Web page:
The US oil and gas industry employs more than 11 million people and is worth more than $ 1.6 trillion, making the energy transition more difficult than you might think.
The Biden administration is moving forward to reduce its reliance on fossil fuels for US energy demand. The federal post-pandemic plan includes hundreds of billions of dollars in renewable energy and electric vehicle projects. But getting rid of oil and gas can be harder than some believe.
recently report Commissioned by the American Petroleum Institute, PwC describes the oil and gas industry as an important industry for the United States in terms of both direct and indirect impacts in the form of employment, labor income, and added value. Did. The report will be an extremely interesting and calm reading.
For example, the oil and gas industry employed 11.3 million Americans directly and indirectly in 2019. Labor income from these jobs, which PwC defines as wages and salaries, benefits, and owners’ income, was $ 892.7 billion in the same year. Finally, in 2019, the US oil and gas industry added value of about $ 1.688 trillion. In other words, the oil and gas industry contributed nearly $ 1.688 trillion to GDP.
PwC said each direct employment in the oil and gas industry supports an additional 3.5 in other industries. And, as the report author points out, it only counts so-called backward links. Backlinks are links to industry suppliers. Forward linkage, which was not included in the calculation of the impact of oil and gas on the US economy, refers to linkage with consumers in the industry.
Well, last year’s pandemic caused havoc in the oil and gas industry, but it didn’t kill it-if you do, it’s too big to kill. This year we are in recovery mode and, albeit cautiously, even production is growing consistently. However, the Green Transition Plan assumes that oil and gas will play a much smaller role in the US economy. What replaces it?
The obvious answer would be “renewable energy”. However, the construction of wind and solar power plants is very different from the production of oil and gas. As the simplest example, let’s talk about employment. Wells are drilled, monitored and maintained. Once built, solar farms require far less maintenance and monitoring than oil wells. After all, it’s one of the best things about solar. The panel just sits there and absorbs the heat of the sun and turns it into electricity. Oil and gas, on the other hand, require someone to monitor their proper outflow from the ground.
This means that oil and gas production requires more people than running a solar farm. And this means that oil and gas production will permanently create more jobs than the construction of solar farms. On the one hand, this makes oil and gas an uneconomical industry. On the other hand, it creates jobs, and job creation is good for the economy.
And what about the $ 1.688 trillion that oil and gas production, transportation, storage, and property have generated for the US economy? According to PwC, this total of about $ 1.4 trillion comes from direct and indirect businesses. An additional $ 245.4 billion was added by industry capital investment. Total accounted for 7.9% of US GDP in 2019.
Here are some of the industries in which oil and gas have indirectly affected GDP production: The services sector was by far the most affected, followed by finance, insurance, real estate, leasing and leasing. Wholesale and retail, to a lesser extent, were heavily influenced by oil and gas, as were manufacturing, transportation, warehousing and information. The combined indirect impact of oil and gas on these industries was $ 924.3 billion, both in terms of operational and capital investment.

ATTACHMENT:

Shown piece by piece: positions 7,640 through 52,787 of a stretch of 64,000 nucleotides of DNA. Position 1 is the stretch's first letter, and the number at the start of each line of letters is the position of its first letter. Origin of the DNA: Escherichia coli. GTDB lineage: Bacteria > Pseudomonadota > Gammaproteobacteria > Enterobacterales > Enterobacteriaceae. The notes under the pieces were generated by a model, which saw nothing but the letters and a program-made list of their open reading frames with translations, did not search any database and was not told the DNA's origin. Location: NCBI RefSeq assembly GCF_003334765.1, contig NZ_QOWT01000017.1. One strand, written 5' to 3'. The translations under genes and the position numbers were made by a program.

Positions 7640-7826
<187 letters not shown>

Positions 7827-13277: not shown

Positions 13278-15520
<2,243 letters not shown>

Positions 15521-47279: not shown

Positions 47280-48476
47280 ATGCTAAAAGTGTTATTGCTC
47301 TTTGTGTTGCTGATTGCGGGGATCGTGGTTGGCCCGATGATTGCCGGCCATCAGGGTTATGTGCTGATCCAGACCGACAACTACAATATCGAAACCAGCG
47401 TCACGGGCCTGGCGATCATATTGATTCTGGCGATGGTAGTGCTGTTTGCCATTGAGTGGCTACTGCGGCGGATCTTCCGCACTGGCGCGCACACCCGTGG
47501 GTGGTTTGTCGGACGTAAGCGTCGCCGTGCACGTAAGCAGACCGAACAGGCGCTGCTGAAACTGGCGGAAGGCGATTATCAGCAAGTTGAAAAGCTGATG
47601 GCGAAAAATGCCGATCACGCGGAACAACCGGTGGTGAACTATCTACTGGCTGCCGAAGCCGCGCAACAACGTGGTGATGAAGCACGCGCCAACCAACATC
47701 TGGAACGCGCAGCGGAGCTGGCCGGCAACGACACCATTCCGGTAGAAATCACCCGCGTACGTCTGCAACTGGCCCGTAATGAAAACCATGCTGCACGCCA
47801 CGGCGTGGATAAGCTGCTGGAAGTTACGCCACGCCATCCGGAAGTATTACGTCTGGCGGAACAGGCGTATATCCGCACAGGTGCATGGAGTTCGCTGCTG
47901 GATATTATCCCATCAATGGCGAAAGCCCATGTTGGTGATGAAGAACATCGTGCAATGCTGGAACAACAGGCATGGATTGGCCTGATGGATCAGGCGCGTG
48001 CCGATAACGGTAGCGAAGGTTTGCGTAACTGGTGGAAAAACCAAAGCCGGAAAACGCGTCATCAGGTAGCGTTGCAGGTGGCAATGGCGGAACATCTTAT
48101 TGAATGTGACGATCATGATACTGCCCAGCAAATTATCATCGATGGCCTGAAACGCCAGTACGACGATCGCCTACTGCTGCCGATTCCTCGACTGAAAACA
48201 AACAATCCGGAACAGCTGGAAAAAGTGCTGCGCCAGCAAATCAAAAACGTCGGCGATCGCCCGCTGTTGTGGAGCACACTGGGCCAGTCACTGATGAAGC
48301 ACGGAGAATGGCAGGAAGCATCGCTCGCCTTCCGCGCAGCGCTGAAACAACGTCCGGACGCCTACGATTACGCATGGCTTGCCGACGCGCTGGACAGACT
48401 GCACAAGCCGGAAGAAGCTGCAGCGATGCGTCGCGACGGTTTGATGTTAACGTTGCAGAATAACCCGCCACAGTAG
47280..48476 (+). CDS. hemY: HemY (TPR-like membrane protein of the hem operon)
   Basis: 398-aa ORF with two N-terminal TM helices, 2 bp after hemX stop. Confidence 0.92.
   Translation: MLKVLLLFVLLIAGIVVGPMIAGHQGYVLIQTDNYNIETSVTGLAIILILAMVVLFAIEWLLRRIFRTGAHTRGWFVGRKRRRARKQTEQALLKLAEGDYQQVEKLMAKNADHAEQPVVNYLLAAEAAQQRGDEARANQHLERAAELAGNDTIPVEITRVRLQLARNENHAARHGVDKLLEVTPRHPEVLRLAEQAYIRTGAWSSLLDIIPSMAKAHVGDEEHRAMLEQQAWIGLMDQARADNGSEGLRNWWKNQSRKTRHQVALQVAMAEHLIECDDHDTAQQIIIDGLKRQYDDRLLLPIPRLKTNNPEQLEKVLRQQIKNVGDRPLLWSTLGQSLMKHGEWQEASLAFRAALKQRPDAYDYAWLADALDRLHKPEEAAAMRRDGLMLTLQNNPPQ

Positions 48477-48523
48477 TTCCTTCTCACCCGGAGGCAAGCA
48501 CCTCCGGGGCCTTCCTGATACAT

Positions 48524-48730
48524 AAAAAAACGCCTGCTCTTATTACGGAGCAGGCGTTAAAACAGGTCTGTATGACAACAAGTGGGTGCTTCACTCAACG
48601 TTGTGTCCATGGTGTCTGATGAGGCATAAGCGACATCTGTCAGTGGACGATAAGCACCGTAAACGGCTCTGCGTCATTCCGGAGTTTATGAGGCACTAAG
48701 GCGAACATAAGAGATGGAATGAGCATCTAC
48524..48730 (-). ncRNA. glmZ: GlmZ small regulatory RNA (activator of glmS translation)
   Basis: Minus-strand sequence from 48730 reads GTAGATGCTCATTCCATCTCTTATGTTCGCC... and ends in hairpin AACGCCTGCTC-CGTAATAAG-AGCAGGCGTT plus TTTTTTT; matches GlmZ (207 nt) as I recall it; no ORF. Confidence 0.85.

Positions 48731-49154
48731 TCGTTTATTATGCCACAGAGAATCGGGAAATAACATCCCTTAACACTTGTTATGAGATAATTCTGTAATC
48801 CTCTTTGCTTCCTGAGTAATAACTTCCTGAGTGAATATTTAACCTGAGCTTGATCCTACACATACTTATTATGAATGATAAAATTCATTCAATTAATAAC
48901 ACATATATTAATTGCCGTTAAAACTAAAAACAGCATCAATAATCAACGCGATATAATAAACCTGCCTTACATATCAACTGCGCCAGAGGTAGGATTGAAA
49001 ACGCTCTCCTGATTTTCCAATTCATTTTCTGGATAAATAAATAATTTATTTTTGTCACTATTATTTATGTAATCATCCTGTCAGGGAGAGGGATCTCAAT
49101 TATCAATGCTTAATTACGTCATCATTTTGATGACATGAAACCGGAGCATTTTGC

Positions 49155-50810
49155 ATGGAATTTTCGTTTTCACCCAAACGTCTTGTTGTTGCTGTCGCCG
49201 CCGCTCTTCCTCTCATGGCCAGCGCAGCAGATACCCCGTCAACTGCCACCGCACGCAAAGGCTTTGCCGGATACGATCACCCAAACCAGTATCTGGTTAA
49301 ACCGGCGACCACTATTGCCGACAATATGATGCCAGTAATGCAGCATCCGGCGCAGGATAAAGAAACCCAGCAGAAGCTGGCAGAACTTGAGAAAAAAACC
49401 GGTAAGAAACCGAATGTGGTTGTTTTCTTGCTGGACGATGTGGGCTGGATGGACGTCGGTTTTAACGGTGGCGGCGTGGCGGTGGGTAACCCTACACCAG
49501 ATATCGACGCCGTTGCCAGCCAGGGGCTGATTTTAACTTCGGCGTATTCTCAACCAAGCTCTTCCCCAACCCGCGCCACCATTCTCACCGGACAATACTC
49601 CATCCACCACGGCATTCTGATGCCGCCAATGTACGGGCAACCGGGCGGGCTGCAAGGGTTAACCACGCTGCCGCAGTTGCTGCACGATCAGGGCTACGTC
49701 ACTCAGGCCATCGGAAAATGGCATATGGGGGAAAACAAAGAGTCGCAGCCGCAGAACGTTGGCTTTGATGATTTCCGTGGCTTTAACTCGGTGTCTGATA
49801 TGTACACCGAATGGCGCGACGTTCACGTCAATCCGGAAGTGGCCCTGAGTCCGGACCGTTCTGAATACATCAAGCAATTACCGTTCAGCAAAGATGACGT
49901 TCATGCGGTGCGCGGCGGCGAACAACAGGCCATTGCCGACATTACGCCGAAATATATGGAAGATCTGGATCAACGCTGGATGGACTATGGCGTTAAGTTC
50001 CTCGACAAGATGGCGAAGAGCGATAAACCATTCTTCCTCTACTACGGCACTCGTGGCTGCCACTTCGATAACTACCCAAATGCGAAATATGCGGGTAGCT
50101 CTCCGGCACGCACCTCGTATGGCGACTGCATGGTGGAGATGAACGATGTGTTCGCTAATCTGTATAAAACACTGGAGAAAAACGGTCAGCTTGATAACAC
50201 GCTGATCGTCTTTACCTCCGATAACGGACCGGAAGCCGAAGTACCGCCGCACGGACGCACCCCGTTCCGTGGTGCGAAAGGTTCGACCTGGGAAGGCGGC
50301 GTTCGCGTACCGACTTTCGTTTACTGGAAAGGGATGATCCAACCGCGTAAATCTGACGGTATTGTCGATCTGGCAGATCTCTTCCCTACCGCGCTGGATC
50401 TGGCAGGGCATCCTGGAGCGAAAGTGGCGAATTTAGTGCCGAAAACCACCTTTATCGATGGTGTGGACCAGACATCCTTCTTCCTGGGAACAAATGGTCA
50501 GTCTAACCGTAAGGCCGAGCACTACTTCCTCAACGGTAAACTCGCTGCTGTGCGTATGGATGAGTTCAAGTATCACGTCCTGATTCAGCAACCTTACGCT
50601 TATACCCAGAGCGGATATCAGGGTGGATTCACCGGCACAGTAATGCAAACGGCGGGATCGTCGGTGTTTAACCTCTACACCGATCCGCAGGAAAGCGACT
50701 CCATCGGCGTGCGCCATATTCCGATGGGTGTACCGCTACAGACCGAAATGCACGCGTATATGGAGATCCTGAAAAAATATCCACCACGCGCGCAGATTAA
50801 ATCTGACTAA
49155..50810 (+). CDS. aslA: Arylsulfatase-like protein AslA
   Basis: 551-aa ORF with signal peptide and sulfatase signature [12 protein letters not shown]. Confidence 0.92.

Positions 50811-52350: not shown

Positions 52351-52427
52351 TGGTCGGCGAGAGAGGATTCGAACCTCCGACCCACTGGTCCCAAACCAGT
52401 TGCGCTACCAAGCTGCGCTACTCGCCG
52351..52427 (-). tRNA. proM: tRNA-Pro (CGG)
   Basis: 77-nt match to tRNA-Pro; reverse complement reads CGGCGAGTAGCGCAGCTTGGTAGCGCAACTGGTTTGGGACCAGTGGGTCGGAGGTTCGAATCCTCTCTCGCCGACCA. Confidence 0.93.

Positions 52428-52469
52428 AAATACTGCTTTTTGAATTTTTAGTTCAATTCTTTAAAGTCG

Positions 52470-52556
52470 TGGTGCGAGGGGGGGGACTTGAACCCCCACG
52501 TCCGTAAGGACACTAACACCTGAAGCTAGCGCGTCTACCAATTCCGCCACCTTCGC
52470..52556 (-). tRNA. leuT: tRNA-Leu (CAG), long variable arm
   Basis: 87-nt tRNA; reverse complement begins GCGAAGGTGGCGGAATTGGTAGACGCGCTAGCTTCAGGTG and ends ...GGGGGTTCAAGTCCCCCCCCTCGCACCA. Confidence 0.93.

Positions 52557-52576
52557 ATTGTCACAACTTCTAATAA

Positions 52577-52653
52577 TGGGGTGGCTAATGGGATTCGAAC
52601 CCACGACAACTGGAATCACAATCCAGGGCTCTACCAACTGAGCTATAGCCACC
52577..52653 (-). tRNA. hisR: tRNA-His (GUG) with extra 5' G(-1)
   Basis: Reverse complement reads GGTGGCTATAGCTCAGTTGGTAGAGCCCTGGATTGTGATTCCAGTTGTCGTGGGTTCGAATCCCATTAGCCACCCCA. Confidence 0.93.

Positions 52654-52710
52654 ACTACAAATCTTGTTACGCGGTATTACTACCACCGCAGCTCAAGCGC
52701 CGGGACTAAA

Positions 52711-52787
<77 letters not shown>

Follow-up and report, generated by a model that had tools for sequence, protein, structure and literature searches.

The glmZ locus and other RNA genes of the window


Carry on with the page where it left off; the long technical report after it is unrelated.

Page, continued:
Now let’s consider renewable energy and its impact on job creation and GDP. 2016 report According to the International Renewable Energy Agency, “Given the decentralized and labor-intensive nature of renewable energy, direct and indirect employment in the renewable energy sector could reach 24.4 million in 2030. There are 24.4 million people in the world.
IRENA estimates that “doubling the share of renewable energy in the global energy mix will increase global GDP by up to 1.1% in 2030, equivalent to US $ 1.3 trillion.” This is compared to the US alone contribution of oil and gas to GDP in 2019 of $ 1.688 trillion.
recently reportSince last year, IRENA has been working on the global energy sector under ambitious yet realistic energy transition scenarios that will enable the world to reach its goal of limiting global warming to 2 degrees Celsius. The total number is expected to increase to almost 100 million. .. That’s almost double the 58 million people hired for energy in 2017.
Regarding what happens to these renewable energy jobs, IRENA lacks details and mentions renewable energy and energy efficiency as a means of some work in the scenario. At the same time, the agency predicts that fossil fuel jobs will decrease by 40% in North America and Europe.
IRENA also mentions the impact of energy transitions on GDP, stating that these are mostly positive, but will depend on the differences in “socioeconomic starting points.” But in North America, the agency expects the transition to increase GDP to $ 659 per capita annually.
From an IRENA perspective, this is more important than the economic benefits that any country’s oil and gas industry can provide, as it is closely related to emissions. However, US government data cited in the PwC report suggest that it may be difficult to let go of oil and gas contributions, with or without emissions.
Is the American oil industry too big to fail?
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